again we shall stay for a bit in the Age of Renaissance, although what it truly means nowadays or whether there was any renaissance in the late medieval & early modern Christian Europe I have been having second and third thoughts for years.
Ad rem, the XVI century artists left us with a plethora of horse-related images, and one of the images I would like to point your attention to is this lovely large piece by a Romanist Dutch painter Jan van Scorel who painted his large panel using oils, and the artwork can been presently located at the collection of the Chicago Art Institute.
The painting, aside from the its high artistic value and most likely fantasy, imaginary landscape, contains lots of interesting historic information on the north-western European costume, horses, horse tack and customs.
Horses appear to have been schooled in airs, ridden with curb-bits, long reins and long stirrups. There are no particular colors within the horses shown, and no horse appears to be of a Frisian conformation.. at least the way I see it.
the work is dated to AD 1519-20 (Reformation is being born within the Holy Roman Empire), which was the era of developing gunpowder arms, landsknecht and arquebus infantry, but also the era of flamboyant tournaments, parades and schooling of horses according to written manuals and master ecuyers instructions.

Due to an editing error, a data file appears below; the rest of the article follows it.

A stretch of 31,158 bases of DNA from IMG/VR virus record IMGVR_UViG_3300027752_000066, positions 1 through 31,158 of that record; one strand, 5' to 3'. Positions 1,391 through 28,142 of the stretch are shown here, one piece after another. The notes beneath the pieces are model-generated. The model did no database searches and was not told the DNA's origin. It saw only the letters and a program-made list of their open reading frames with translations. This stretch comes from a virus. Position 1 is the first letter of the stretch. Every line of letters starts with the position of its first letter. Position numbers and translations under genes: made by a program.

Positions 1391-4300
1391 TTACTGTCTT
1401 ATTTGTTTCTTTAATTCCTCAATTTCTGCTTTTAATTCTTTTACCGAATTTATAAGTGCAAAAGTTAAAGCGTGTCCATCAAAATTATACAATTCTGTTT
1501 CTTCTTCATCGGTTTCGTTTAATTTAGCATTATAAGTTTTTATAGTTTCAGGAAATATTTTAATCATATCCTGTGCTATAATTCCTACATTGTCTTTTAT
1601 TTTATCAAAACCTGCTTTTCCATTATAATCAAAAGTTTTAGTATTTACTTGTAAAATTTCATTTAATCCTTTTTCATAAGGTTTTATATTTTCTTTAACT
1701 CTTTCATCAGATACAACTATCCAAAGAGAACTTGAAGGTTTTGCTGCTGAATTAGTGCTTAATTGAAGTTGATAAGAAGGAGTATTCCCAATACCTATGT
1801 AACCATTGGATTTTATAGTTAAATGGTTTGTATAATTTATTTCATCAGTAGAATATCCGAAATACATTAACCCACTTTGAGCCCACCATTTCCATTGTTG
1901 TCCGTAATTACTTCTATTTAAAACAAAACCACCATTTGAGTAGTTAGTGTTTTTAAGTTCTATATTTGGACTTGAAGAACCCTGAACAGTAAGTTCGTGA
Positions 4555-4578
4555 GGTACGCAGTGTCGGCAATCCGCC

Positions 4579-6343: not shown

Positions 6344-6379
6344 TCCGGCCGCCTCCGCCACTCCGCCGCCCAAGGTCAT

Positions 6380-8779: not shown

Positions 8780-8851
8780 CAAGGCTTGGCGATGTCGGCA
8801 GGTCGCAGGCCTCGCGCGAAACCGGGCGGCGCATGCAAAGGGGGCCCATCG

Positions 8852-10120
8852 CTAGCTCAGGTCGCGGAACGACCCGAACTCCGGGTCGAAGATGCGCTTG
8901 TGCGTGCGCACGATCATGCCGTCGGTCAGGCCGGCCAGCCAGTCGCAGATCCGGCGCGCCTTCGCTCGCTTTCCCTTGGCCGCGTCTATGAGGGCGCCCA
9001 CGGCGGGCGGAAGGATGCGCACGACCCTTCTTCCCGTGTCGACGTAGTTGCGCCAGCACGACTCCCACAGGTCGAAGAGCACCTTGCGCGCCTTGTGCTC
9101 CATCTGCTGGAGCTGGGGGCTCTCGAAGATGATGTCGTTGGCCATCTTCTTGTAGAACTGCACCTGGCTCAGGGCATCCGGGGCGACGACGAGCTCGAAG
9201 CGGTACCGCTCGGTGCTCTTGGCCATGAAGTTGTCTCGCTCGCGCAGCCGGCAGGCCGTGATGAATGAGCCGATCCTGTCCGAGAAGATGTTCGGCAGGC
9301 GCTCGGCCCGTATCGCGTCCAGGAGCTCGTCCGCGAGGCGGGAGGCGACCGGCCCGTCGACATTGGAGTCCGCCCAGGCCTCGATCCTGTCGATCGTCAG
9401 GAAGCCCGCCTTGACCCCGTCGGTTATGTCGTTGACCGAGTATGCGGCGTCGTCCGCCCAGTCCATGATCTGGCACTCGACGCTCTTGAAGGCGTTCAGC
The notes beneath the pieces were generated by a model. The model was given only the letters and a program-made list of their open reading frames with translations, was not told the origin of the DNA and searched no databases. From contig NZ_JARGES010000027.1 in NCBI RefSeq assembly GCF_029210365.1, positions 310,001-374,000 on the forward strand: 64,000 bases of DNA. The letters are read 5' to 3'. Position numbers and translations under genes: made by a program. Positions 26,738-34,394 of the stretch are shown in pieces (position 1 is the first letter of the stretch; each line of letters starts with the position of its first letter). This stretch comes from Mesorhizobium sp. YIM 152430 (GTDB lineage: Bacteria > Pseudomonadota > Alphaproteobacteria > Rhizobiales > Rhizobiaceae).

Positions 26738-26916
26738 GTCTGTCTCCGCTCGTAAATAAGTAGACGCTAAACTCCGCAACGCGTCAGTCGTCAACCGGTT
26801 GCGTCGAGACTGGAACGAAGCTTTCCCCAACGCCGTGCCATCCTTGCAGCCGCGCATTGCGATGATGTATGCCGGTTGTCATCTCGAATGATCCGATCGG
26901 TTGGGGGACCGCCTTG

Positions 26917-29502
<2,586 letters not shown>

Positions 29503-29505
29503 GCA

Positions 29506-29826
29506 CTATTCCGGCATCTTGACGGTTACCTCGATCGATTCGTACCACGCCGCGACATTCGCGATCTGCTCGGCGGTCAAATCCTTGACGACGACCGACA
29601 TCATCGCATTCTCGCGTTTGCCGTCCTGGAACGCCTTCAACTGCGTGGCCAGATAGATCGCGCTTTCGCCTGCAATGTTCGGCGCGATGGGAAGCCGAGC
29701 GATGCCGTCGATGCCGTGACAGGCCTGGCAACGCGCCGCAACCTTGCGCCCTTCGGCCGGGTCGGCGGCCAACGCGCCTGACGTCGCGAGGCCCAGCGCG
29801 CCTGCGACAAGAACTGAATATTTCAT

So here we have a town's fair perhaps saint George or saint Hubert (patron of chase & hunters), with a tournament taking place and town populace present in their finery.
|lancers in tournament armor on fine caparisoned horses, with attendants in their finery typical costumes of the Northern and Central Europe of these times|
|on the right there is a horseman moving away from the tournament with his sweetheart riding behind his saddle seated on the rump of his mount, image that would be shown often in the Dutch art in the coming centuries|
|in the foreground town ladies in their fashionable costume next to some lowly horsemen|
hunting activity contained in the title of this piece, and its apparently hunting the wild boar on horseback with a short heavy spear (boar spear?) and sight hounds, is given just a glimpse and very little detail, sort of a view through a looking glass.